In the Digital Health hot seat this week is Dominic Bullas, CCIO of Barnsley Hospital NHS Foundation Trust, who reminisces about his days as a MicroProse fanatic and explains why removing a trust IT system is so much harder than putting one in.
When did your interest in IT begin?
The Commodore 64. I probably don’t need to say anything more. It was a computer of epochal cultural significance, capturing the hearts and minds of millions of impressionable youngsters around the world. The hours I spent playing old MicroProse simulations was unhealthy! And when I was old enough to watch films like Blade Runner, 2001: A Space Odyssey, Alien, and Terminator, it really felt as though computers were ready to take over the world.
How and why did you become an NHS CCIO?
It was more by happenstance than design. I was involved in a difficult case in which diagnosis and treatment was delayed because a critical piece of paper had not moved from one part of the hospital to the other. I felt a burning injustice that technology had not prevented such an error. A few weeks later, Tom Davidson – our newly appointed director of ICT – advertised the CCIO post.
What is the most important part of the CCIO role?
Having a healthy disregard for entrenched orthodoxy in digital health, with the aspiration that a group of talented and ambitious individuals with a coherent digital vision can achieve so much more.
Within your organisation, what is the most significant digital achievement of the past 12 months?
The clarity of vision, the unbridled passion and the endless politicking that was required to persuade executives and governors to dramatically shift course and replace the incumbent EPR – barely four years into its implementation – with one more aligned to the needs of the people of Barnsley. If you thought that putting in an EPR was difficult, try taking one out of a trust.
What will be the most significant development in health and care over the next 12 months?
I think we will start to see the fruits of the global digital exemplar (GDE) programme. When the programme was first announced, I really couldn’t understand it. Why give a load of money to cash-rich, digitally-mature trusts? It sounded ridiculous. However, it became clear that for smaller trusts such as Barnsley, it was the perfect platform on which to build and sell our own digital strategy.
What’s the largest barrier to being a more effective CCIO?
Trying to battle digital apathy in a clinical audience that is exposed to the vagaries and ravages of daily working pressures, both clinical and organisational.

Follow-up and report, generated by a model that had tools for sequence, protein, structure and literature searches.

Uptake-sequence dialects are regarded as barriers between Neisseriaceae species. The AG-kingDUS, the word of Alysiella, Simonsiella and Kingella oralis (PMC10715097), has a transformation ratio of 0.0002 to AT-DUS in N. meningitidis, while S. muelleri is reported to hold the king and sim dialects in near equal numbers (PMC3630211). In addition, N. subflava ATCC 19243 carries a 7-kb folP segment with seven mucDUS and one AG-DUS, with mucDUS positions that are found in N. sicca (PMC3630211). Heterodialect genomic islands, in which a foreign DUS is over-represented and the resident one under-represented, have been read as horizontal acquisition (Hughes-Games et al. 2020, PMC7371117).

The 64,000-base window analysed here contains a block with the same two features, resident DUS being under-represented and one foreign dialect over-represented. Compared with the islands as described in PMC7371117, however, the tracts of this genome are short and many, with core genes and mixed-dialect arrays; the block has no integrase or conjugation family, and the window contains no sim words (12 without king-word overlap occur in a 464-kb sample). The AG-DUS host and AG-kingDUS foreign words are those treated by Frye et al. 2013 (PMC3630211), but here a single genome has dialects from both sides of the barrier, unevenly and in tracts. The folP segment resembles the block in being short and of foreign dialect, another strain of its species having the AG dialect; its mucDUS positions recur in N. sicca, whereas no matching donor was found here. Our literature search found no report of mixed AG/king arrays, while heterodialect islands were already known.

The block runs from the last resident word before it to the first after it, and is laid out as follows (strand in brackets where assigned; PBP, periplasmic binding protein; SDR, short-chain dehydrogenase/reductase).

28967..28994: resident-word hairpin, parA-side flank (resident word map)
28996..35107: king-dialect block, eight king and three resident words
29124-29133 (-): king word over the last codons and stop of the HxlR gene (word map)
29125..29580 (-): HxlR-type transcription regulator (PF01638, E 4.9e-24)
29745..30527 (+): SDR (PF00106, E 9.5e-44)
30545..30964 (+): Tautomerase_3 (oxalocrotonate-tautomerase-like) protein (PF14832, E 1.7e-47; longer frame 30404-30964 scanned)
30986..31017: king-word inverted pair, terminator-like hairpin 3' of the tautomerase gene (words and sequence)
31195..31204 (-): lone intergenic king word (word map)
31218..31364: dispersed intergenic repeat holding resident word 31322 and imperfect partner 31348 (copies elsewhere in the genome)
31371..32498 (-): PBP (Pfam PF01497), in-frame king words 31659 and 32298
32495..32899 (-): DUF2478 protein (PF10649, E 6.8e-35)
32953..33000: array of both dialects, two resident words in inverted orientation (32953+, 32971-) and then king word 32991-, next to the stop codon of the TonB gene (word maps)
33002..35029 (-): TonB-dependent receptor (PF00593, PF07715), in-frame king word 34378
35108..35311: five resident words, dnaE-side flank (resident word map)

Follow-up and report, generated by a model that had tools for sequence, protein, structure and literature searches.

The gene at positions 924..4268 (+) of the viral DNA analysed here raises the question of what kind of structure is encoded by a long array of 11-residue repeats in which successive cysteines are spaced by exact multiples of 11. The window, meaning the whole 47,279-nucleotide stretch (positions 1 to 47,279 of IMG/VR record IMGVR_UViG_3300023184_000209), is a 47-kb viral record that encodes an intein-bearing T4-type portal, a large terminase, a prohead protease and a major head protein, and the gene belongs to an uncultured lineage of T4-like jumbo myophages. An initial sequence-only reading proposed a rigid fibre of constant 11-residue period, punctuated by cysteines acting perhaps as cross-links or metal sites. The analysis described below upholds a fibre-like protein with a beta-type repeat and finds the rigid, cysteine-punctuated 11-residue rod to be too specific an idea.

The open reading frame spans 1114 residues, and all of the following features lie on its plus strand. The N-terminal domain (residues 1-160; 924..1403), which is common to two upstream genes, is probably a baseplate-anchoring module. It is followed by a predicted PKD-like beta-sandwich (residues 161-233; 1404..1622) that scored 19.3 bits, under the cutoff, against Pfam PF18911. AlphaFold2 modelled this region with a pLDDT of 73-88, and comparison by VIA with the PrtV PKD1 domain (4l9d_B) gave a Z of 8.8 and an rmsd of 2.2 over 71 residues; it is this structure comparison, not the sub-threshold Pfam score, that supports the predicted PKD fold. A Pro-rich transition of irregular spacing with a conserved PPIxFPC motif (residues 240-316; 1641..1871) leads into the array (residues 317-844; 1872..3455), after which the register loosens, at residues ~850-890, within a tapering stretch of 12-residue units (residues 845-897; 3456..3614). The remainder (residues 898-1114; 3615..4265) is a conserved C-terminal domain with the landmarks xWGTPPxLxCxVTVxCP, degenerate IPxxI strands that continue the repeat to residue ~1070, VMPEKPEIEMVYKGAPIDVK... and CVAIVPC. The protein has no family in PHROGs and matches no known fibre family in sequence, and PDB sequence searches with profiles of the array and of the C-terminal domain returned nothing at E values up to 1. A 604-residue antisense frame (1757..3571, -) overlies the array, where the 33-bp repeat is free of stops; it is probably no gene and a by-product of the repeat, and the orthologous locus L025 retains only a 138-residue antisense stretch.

What’s the largest barrier the NHS faces overall in achieving digital transformation?
Leadership. CIOs, CCIOs and CNIOs have critical roles not only in changing and challenging working cultures using transformational digital processes, but in defining the digital agenda. Representation at board level is the only way to secure this.
If you have one piece of advice for other NHS IT leaders, what would it be?
Spend the money before someone takes it from you.
If you were given £30 million to spend on digital transformation within your trust, where would that money go?
Developers, developers, developers! In the old days, local IT departments would try to cobble something together to meet a clinical or organisational need. Then there was a wholesale move to off-the-shelf commercial solutions.
However, now there seems to be a recognition that allowing in-house programmers to build complementary solutions based on open standards adds huge value.
What are the most over-hyped and under-hyped digital innovations in health?
Never been a fan of Choose and Book [now evolved into the NHS e-Referral Service]. Asking a non-specialist to deliberate with a layperson about the appropriateness and timing of a referral to secondary or tertiary care, and then slotting them into a specific clinic, engenders inefficiency.
While we are bombarded with projections of the near-divine rewards of AI and deep learning, any technology that quietly and unassumingly delivers a paperfree solution has my attention.
What’s the worst job you’ve ever had and why?
Working as a medical secretary in the summer months for an admittedly lovely yet verbose consultant psychiatrist while my friends performed the same role in the monosyllabic world of orthopaedics. I still do not think that my index fingers have recovered from tapping out the herculean, four-page clinical biographies every time she saw a patient.
If you could travel back in time to meet one person, who would it be?
My father. I miss him.
What’s your favourite piece of technology at home and why?
Sky Q. It was the only way to ensure that my wife has unhindered 24/7 access to Friends reruns. I feel part of the show now.
If you could have any other job, what would it be?
In a film of your life, who would play you?
A younger Bill Murray.